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QTL > News > Article Summaries > Current Article

Algebra Meets Technology in VA Classroom

June 27, 2005

YELLOW BRANCH, VA - When Algebra teacher Chip Perkins began to teach students a Standards of Learning (SOL) on Quadratic Equations, he did something he'd never done before. He had his students go to the computer, open a PAINT program and draw the equation. Then, he had them print it out, in color!

But the interesting thing is that Perkins wasn't really interested in his students coming up with the right answer; in fact, he gave them a database that allowed them to check their work and would eventually tell the answer. Perkins is interested in how the students process the answer and particularly WHERE they placed their parenthesis in the formula.

"It's all about process on the SOL's. When we were in school, we had to memorize a lot of formulas, but it's not really about the formula's. It's about how they figure out how to solve the problem."

Chip Perkins (left) talks with Campbell County Schools Technology Director Jim Hawley.

Until this spring, Perkins' lesson plan for this SOL involved him standing in front of his students and doing the talking. This year, a professional development program called Quality Teaching and Learning™ has changed the way he goes about teaching. Now he's sharing what he learned with peers at every opportunity.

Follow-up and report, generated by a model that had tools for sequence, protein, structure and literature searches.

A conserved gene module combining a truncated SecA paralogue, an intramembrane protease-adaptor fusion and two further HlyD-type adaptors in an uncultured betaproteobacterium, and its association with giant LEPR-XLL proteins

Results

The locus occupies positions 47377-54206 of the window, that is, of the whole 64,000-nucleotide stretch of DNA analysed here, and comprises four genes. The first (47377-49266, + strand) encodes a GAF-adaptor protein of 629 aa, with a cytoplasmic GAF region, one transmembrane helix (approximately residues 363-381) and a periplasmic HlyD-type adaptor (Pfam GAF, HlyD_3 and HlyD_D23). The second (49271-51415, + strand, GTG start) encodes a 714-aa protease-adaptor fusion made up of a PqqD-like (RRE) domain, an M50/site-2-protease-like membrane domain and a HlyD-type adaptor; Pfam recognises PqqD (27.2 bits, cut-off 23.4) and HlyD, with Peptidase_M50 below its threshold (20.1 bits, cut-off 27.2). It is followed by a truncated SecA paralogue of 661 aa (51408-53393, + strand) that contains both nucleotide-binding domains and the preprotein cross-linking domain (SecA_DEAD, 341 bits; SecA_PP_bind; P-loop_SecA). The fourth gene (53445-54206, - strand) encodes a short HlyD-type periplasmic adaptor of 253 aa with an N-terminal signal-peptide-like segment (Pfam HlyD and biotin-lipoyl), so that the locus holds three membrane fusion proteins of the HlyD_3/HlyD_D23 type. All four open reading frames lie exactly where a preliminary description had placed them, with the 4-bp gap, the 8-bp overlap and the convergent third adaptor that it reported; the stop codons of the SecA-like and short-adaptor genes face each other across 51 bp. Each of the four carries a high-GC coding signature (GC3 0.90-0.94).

"My son came home from school with a chart he had drawn in class that represented a graphic organizer," Perkins says. "The next day, I visited his teacher and showed her the software we already have in the school district. She says next year, she'll teach that lesson with a computer."

Sixteen Campbell County teachers completed the Quality Teaching and Learning™ program in the district's center at the technical school. Five of the teachers are moving out of the classroom into Instructional Technology Resource Teacher positions that will be scattered across the district, which includes schools in Lynchburg and surrounding communities. Perkins is one of those ITRT's. He'll spend next year working with teachers by modeling instructional strategies that use technology as a tool.

"It is best to start out with the content of the lesson, then decide what technology fits the lesson," he says. "If you do it the other way around, you let the technology drive what students learn, and that's not beneficial."

The QTL™ Model links the content, teaching strategies, and use of technology to reach every student every day. In putting curriculum first and technology second, it becomes even more clear how the technology can and does serve as a tool for student success.


For more information, contact Robin Fred via e-mail at or call him at 888.507.3800.

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